Internet is the lifeblood of any work-from-Homer's income.
Without the internet, we wouldn't have our jobs. Plain and simple. A client may understand if we tell them we have ‘internet issues'. However, while they empathize, it will be a deciding factor in determining if they continue working with you.
Internet in the Philippines is a sad reality. Not only do we have one of the slowest speeds in our region, but also the most expensive.
Things may change. Hopefully sooner than later. But in the meantime, we have to make do with what's available.
So I wanted to give you some suggestions on what you should do with regards to internet connectivity.
Residential Internet in the Philippines
Your top priority should be to get a residential internet connection. Nothing beats a residential internet connection in terms of speed, reliability, and price. I won't go into full detail, but if you want to see a comparison table of all the different internet options in the Philippines, download the internet connection table HERE
The reliability and stability of internet service providers in the Philippines varies greatly depending on location. In some areas, PLDT is better. In some, Globe is better. And there are even the smaller companies like BayanTel.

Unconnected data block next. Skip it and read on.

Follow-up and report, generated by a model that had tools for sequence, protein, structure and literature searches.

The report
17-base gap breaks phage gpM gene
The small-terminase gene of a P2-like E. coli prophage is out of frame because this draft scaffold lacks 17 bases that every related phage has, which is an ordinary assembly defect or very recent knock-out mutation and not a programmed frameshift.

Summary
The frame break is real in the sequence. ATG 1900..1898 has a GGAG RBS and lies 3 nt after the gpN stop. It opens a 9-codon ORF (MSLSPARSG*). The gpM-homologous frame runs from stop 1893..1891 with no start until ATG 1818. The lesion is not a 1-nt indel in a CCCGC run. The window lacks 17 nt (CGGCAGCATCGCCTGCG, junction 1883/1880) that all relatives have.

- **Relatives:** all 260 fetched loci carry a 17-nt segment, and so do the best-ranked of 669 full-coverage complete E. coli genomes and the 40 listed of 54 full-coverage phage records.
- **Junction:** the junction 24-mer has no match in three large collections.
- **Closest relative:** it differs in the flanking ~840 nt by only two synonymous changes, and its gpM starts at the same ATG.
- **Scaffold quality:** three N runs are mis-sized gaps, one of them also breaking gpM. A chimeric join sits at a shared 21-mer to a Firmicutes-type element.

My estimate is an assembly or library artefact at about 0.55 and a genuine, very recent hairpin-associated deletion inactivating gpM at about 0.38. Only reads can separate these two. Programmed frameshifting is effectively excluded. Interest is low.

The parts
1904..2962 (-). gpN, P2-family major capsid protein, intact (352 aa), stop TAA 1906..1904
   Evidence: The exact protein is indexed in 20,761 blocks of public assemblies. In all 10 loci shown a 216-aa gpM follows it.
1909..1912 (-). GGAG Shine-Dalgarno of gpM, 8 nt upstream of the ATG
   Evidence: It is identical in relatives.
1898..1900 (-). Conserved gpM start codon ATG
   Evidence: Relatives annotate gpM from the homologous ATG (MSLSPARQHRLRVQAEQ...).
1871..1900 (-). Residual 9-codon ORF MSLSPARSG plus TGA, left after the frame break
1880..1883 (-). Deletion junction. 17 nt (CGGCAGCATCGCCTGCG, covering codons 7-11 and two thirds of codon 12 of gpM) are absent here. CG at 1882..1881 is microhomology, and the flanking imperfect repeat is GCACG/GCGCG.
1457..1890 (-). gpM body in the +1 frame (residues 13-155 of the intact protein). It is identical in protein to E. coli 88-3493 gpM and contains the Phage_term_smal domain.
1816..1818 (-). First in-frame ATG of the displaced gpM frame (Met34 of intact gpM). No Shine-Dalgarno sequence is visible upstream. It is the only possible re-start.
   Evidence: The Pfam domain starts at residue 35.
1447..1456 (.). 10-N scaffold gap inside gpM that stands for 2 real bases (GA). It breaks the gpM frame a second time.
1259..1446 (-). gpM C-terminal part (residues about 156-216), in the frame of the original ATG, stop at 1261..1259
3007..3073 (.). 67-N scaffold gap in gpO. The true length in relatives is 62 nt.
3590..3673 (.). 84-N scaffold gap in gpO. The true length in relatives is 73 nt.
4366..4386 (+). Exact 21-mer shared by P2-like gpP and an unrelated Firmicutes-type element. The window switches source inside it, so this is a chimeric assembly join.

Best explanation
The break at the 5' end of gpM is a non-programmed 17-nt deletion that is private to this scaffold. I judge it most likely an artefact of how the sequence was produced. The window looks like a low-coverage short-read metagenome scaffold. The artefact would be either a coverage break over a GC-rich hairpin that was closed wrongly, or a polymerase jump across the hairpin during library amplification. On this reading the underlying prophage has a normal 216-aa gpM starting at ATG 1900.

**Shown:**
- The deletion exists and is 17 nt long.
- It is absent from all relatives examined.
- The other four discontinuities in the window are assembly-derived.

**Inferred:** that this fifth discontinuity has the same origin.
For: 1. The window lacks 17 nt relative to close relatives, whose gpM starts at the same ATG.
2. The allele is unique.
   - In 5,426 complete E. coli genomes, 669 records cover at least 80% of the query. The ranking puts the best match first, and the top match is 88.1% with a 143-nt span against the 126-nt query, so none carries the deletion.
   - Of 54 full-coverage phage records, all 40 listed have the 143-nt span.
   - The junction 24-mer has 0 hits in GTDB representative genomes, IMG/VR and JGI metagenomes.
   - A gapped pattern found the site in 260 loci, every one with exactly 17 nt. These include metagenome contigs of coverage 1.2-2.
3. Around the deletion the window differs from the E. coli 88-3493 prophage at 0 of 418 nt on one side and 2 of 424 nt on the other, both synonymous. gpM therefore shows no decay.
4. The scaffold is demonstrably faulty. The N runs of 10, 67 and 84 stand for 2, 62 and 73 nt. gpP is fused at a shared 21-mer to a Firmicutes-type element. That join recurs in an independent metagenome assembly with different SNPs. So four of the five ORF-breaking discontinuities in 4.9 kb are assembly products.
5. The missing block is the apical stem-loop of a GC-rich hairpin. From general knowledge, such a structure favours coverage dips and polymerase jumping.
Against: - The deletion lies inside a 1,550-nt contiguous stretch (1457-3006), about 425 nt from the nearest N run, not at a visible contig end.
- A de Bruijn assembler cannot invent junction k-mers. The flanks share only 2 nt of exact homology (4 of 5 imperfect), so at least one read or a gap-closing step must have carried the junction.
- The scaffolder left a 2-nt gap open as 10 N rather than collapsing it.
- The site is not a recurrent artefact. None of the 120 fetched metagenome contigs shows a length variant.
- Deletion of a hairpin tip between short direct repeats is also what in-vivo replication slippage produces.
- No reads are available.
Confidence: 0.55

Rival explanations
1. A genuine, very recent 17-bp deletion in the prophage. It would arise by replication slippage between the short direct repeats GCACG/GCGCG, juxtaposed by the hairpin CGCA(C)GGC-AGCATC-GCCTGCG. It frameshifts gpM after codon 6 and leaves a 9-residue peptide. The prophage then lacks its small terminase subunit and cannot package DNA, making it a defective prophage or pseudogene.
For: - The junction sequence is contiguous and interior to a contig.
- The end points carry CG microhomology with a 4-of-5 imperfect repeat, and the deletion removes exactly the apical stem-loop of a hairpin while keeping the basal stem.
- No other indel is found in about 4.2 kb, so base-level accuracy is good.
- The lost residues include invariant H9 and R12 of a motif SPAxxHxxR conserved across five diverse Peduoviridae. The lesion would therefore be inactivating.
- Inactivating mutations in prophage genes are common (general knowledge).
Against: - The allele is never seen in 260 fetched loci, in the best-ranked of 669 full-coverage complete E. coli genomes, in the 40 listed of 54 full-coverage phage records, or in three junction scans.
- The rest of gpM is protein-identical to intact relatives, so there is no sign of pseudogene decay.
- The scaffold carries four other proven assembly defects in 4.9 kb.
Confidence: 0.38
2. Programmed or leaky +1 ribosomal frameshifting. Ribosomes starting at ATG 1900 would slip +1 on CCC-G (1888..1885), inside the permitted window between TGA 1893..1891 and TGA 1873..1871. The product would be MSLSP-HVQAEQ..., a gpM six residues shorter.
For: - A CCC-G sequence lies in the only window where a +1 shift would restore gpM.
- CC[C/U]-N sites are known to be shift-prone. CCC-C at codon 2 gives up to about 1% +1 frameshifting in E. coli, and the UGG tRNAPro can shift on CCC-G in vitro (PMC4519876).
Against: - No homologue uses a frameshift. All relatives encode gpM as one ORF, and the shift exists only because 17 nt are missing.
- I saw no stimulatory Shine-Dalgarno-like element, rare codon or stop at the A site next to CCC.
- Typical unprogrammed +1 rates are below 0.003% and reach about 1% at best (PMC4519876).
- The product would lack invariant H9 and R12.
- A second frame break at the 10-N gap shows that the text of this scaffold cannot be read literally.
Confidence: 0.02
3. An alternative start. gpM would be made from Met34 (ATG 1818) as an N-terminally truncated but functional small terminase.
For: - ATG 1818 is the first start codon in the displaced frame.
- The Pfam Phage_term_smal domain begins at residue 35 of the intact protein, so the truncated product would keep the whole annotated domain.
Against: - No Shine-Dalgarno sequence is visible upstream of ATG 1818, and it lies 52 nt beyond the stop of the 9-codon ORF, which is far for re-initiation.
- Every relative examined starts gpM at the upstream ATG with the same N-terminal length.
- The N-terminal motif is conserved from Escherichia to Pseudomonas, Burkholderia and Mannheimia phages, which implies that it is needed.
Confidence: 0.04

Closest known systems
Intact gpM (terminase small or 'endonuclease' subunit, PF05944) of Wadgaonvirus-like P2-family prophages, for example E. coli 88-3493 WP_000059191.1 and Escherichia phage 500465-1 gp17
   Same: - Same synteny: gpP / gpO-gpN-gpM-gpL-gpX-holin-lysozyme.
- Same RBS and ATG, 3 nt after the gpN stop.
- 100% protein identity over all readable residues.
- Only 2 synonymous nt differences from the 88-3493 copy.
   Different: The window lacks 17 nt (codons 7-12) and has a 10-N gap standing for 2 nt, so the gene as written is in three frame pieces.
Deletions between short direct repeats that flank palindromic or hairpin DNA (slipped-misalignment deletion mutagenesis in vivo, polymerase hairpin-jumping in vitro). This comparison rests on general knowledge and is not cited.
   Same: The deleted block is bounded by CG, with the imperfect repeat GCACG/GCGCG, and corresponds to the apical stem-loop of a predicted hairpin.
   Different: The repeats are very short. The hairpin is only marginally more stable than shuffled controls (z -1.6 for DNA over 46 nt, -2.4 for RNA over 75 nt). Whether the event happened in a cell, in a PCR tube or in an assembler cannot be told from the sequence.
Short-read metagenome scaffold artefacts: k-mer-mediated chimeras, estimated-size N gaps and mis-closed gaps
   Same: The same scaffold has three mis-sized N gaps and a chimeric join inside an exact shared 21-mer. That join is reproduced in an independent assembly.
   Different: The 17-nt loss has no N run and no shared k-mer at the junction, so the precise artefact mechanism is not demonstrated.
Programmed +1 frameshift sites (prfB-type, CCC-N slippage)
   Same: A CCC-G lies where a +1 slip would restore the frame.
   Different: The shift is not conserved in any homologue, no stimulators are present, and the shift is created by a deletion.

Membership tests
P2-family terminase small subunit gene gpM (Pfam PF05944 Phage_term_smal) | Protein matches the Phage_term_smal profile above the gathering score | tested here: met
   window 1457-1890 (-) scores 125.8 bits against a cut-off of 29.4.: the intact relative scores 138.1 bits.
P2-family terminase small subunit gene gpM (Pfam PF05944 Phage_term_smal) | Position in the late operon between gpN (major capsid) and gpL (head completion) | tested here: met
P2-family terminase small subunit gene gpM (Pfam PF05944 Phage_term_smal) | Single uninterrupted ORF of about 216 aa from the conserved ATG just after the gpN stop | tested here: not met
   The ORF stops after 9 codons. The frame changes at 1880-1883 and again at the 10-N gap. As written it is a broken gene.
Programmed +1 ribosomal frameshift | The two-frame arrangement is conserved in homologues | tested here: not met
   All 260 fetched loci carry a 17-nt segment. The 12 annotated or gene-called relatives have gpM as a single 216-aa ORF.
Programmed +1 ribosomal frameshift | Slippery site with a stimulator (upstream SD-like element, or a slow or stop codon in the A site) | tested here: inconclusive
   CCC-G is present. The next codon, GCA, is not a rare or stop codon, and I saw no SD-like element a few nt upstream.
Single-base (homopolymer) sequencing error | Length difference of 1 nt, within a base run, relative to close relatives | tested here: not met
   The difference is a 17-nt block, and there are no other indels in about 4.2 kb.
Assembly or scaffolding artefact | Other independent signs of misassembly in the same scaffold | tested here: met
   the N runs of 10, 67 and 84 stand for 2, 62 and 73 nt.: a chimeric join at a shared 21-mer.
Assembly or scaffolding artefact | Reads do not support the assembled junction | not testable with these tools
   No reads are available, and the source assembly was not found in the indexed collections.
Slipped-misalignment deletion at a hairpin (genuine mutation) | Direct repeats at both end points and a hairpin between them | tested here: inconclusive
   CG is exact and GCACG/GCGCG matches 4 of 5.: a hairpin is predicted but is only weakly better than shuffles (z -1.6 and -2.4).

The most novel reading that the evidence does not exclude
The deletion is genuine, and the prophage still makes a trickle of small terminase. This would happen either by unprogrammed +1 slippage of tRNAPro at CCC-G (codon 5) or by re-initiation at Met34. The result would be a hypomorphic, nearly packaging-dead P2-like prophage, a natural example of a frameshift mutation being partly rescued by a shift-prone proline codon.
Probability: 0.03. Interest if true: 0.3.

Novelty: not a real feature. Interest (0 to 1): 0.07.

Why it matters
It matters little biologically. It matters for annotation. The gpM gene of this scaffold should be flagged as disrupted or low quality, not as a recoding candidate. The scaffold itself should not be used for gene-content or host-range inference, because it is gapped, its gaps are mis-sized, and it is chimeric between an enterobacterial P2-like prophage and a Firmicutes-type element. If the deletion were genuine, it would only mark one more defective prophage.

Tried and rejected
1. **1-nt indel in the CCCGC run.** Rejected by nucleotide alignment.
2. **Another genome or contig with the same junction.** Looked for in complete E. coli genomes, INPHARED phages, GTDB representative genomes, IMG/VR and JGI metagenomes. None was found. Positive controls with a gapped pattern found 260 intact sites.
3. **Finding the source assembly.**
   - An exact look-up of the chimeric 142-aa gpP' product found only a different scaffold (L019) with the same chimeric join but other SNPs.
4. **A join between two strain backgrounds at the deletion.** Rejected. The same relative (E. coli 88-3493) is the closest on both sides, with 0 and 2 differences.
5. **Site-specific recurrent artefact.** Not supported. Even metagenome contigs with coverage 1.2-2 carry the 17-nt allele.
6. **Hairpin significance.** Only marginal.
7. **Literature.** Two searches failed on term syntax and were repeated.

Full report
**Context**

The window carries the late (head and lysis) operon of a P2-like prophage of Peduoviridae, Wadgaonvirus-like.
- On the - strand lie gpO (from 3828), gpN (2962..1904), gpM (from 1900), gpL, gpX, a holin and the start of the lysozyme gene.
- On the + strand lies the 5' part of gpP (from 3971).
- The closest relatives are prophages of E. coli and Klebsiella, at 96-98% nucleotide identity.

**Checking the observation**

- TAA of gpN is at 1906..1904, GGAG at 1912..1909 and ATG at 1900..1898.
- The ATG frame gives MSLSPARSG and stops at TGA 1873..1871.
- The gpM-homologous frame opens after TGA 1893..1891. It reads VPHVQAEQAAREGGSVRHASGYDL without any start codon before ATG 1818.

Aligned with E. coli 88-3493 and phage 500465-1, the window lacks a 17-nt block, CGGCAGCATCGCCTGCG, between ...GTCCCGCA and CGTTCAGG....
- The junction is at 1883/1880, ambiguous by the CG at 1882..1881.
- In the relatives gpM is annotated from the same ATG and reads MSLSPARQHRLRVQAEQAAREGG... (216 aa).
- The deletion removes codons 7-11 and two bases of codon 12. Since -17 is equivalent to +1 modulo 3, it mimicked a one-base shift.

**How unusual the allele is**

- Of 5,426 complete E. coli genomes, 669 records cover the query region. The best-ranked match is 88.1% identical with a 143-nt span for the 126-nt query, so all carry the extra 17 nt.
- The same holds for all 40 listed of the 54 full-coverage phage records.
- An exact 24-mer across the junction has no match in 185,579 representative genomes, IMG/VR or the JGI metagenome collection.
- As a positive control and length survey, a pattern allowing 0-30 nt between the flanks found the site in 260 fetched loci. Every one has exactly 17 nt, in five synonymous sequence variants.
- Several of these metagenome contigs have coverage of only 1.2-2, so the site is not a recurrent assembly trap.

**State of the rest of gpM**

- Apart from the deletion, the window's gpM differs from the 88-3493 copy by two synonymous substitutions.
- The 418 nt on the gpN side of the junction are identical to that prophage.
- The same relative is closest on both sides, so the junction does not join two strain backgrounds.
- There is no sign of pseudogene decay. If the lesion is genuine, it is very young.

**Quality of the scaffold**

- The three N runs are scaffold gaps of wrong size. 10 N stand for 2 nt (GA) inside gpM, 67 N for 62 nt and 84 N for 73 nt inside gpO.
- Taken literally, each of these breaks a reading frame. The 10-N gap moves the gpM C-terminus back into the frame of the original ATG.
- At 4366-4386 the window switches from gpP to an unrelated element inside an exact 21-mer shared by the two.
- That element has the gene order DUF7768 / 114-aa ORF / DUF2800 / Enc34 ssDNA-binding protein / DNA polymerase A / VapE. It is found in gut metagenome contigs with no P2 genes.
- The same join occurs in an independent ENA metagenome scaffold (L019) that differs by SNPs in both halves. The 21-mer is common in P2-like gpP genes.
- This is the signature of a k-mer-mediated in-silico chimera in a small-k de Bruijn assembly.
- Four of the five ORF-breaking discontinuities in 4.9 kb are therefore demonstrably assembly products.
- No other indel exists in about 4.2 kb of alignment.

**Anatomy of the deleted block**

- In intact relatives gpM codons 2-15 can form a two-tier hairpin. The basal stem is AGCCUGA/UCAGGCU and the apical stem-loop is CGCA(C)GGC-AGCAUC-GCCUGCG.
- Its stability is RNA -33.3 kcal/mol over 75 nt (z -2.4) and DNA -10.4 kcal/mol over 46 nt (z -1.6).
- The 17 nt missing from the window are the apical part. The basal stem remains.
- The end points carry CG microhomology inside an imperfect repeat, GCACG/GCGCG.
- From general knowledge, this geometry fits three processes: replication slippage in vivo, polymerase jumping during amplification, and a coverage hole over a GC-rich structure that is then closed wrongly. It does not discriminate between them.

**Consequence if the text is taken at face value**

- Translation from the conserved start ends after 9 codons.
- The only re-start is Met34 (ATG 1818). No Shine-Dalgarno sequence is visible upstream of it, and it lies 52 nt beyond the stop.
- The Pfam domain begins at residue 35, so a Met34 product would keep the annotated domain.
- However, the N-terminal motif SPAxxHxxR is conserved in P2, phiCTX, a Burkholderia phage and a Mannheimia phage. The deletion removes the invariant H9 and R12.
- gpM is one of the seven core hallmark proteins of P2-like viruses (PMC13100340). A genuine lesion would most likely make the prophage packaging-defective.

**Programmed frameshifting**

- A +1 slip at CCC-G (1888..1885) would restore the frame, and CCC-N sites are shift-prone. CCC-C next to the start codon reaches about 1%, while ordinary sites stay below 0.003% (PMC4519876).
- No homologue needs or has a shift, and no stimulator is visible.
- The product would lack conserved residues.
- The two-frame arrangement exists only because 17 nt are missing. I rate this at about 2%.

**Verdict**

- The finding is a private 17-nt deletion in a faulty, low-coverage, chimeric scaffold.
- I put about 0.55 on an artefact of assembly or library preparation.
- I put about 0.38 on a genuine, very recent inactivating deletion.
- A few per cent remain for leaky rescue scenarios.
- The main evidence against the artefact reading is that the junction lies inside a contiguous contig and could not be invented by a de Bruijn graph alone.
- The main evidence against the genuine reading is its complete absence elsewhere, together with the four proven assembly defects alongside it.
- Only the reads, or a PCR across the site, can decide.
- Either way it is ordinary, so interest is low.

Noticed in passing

At the bare minimum, you need 3Mbps. However, that's the absolute minimum. If you can get a better connection in your area that isn't too expensive, then my recommendation is to go for it. The difference in the amount of work you can get done (and therefore, how much you can charge) is worth the price difference.
Based on my research, here's an ordered list of the most common internet connections in order of reliability:
- PLDT Fibr
- Sky Broadband
- PLDT DSL
- Globe DSL
- PLDT Ultera
- Smart Bro and Globe Tattoo
If you can't get a residential internet connection – for example, if you're boarding with roommates, your next best option is to get a data plan with either Globe or Smart.